My beloved Grandfather Nikanori Oming, was one of the fifteen children born to Bua Aryec and Atim Alito on 2nd September 1920 in Abok village, Ngai, in Northern Uganda. Most of his siblings died as infants, so only two of them survived, him and his sister Apio. The cause of infant deaths occurred due to the lack of immunisation. Bua Aryec hailed from the Arak Opelo, a very successive warrior clan. Bua was highly respected as the rainmaker, a priestly role among the Lango tribe.
Nikanori Oming studied up to Primary four at Aculbanya Primary School in Aboke. He could not continue with education since his father could not afford to pay the school fees. Thereafter, he went to teach at Ototong sub-grade school in Ngai. At that time, a beautiful young girl, named Consy Achola had fled her home, in fear of pressure exerted on her for an arranged marriage. She was staying with her Uncle, Lacito Obwor of Ajejeri homestead in Ototong village, Ngai. It was there that they met. Because the dowry (bride price) asked from him was 25 cattle, 15 goats, and other assorted items; Oming could not afford it. He was so in love with his young girlfriend that he begged her and his future father-in-law to wait for his return from the army.
In June 1941, Oming joined the British Army recruits at Lira, North Uganda. They were transported south to Magamaga Barracks in Jinja for a short training. From there, they were transferred to Gilgil Barracks in Kenya for an intensive training. Once these exercises were complete, he was registered in the 11th African East Division.
Malaria was, and still is, a human threat as a killer disease. The British authorities felt that African soldiers would be well suited to jungle warfare and that they were less susceptible to malaria. So, in June 1943, they were taken to Ceylon Island, India for further training. Thereafter in June 1944, they were taken to Burma to fight with the Fourteenth Army during the Burma Campaign.
My grandfather recalled an incident when the scouts identified a hill for them to camp. They were unaware the Japanese soldiers had identified the same hill and had camped up there before them. The Japanese spotted them as they advanced towards the hill. As they were climbing up the hill, the Japanese army had laid an ambush and launched a surprise attack on them. He spoke emotionally about his escape; how he rolled down the valley, losing his gun in the process. He got lost in the forest for one week, feeding on berries and using a combat knife to cut his way through the thicket. The battle intensified in the horrendous terrain of the notorious Kabaw Valley. His team artillery bombed the Japanese camp so hard that they smelt of smoke. They pursued the Japanese retreating from Imphal down the Kabaw Valley, where the Japanese suffered heavy casualties.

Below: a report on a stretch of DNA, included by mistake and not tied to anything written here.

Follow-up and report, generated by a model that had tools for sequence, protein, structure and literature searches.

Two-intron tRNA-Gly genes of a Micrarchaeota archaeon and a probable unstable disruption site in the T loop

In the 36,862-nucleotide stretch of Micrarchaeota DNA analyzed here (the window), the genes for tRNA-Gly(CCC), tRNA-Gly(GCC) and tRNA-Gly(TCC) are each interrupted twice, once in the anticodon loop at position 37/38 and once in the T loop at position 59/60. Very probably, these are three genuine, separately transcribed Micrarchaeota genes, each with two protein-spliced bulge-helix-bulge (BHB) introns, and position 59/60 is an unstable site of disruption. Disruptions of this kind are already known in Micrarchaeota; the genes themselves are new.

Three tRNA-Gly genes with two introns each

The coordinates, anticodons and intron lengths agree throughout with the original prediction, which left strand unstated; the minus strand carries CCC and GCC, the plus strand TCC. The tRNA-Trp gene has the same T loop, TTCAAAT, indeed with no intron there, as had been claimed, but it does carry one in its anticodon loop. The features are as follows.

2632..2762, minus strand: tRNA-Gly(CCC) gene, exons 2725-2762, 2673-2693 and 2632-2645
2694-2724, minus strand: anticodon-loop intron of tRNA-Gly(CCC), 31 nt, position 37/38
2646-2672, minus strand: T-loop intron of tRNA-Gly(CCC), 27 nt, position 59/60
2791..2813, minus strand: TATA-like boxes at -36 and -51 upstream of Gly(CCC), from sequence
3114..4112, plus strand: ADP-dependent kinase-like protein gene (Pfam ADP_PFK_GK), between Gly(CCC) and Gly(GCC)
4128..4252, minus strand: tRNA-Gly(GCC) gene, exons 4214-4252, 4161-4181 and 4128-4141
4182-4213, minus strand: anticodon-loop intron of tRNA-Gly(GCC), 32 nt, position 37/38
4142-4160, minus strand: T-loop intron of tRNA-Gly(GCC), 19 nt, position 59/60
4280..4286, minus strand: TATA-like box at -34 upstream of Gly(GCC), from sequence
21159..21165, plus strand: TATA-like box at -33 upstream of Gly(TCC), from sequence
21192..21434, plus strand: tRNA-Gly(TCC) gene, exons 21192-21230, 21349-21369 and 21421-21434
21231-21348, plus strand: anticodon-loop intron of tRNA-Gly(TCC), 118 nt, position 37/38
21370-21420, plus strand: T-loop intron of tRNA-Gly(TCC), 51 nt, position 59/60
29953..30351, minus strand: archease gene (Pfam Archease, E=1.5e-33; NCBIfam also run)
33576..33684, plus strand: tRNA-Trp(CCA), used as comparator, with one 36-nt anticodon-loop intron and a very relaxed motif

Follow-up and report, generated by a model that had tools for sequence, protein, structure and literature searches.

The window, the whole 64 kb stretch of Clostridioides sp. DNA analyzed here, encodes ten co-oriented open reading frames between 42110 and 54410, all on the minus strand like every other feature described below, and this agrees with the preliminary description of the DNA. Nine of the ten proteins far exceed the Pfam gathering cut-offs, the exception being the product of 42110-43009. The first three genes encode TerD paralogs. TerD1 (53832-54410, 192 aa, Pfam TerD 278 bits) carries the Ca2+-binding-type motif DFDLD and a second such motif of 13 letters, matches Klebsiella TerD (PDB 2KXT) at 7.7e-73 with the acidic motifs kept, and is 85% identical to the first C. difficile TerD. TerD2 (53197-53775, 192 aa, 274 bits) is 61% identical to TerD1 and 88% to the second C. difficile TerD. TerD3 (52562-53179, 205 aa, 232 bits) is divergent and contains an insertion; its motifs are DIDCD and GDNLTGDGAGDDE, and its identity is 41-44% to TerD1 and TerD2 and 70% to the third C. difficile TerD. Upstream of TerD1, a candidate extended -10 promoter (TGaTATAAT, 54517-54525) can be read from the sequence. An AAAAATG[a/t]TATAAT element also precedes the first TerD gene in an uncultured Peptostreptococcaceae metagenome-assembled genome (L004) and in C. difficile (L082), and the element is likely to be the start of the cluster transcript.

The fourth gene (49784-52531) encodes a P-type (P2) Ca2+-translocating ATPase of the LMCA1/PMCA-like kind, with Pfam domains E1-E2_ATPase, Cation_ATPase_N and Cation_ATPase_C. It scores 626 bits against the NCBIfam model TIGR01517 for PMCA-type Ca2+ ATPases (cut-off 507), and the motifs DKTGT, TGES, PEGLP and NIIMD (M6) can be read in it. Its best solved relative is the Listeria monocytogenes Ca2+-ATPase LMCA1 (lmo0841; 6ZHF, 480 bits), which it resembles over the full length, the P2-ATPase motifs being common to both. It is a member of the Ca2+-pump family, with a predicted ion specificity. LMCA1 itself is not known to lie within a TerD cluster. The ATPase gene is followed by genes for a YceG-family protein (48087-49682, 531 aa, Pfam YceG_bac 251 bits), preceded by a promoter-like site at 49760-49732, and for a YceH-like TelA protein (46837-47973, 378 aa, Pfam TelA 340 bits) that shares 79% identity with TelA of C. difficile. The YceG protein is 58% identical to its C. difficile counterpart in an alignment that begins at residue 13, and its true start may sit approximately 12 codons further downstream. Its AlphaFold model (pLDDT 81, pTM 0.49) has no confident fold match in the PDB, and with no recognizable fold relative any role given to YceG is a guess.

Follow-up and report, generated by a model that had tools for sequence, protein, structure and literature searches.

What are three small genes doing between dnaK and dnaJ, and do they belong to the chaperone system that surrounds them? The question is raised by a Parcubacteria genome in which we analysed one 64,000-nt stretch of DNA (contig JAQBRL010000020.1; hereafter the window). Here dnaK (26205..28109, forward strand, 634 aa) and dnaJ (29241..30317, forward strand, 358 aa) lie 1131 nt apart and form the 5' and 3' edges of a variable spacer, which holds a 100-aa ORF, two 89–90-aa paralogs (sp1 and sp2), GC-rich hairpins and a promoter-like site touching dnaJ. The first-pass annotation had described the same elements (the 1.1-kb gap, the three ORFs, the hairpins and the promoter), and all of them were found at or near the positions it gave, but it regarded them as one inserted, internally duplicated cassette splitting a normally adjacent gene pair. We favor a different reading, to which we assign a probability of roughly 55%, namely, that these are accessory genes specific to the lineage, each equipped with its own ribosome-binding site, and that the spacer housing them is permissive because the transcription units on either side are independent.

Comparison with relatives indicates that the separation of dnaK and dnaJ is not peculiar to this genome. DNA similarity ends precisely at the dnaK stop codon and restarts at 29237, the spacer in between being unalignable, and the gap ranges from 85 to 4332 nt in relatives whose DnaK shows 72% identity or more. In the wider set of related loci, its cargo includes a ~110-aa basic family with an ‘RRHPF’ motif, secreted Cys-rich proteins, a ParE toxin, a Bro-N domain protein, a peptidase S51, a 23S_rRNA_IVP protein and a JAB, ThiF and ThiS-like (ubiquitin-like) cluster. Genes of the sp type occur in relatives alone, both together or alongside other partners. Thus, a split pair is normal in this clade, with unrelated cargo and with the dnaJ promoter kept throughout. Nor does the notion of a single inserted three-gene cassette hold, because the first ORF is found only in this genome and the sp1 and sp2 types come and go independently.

In 1945, Sgt. Oming returned to Uganda, he came back with medals and plenty of money to marry his beautiful bride. I am proud that my grandfather was such a remarkable man. He was a loyal, caring and a loving husband and father. Oming and Consy were happily married for over 50 years. They had 10 children, two live in the UK. My mother Rosette Oming is a Senior Diagnostic Radiographer at the Imperial College Healthcare NHS Trust. My Aunt Anne Ekinu is a Diabetic Specialist Nurse at Lewishham and Greenwich NHS Trust. Sgt.Oming and Consy had 34 grandchildren, including 62 great grandchildren and 10 great great grandchildren. My grandfather was ordained as a Church of England Reverend and he served the Lord until his peaceful death in1990. My fondest memory of my grandfather was sitting beside him in the evenings and listening to BBC News with the then radio presenter George Alagiah.
My self-help book “Transform Within – 7 Strategies for Professional Growth and Resilience” is dedicated to my beloved Grandmother, Consy Oming, who was the Matriarch of our family. She inspired both my mum and aunt to go into healthcare profession, who have worked in The NHS for 60 years combined. She was also a fierce woman, yet very caring and kind. Although, Consy had no formal education, she was a treasurer for the Mothers Union and community midwife. In May 2008, with her family beside her, our Mama peacefully passed away at the age of 83 years old. The family have built a memorial school for Sgt, Reverend Nikanori and Consy Oming in Ngai, Uganda.
The pandemic crisis has had a terrible impact on my families in Uganda. Many are without work, students are at home, and the memorial school in our grandfather’s name is closed and in need of funds. To honour our grandparents and to keep their story alive, we have set up a crowdfunding page on JustGiving.
Our entire family is grateful to Black History Month magazine for giving us this platform to share our grandparent’s story. “We Stand on the Shoulders of Giants”. I would like to leave you all with this inspirational phrase and wish you a peaceful and blessed Black History Month for 2020.
“If you want to go fast, travel alone. But if you want to go far, travel together.” Unknown, African Proverbs.
About Faith Ruto, (MBA, BSc)
Faith is the Founding Director of www.transformation21st.com, an innovative personal development consultancy that equips professionals and businesses with resilience to thrive and grow during uncertain times. Faith coaches emerging leaders on confidence, visibility and career success strategies. She’s a sought after Keynote Speaker who inspires others to live by faith, not fear. Faith has worked with multinationals such as Shell, British Red Cross, imperial College, just to name a few. If you are a BAME professional feeling stuck in your career, then Faith can help. If you are an Organisation looking for an inspirational speaker, then book Faith.
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You can also support us by buying Transform Within from Amazon: 50% of the book sale during October 2020 will be donated to helping families and the school in Uganda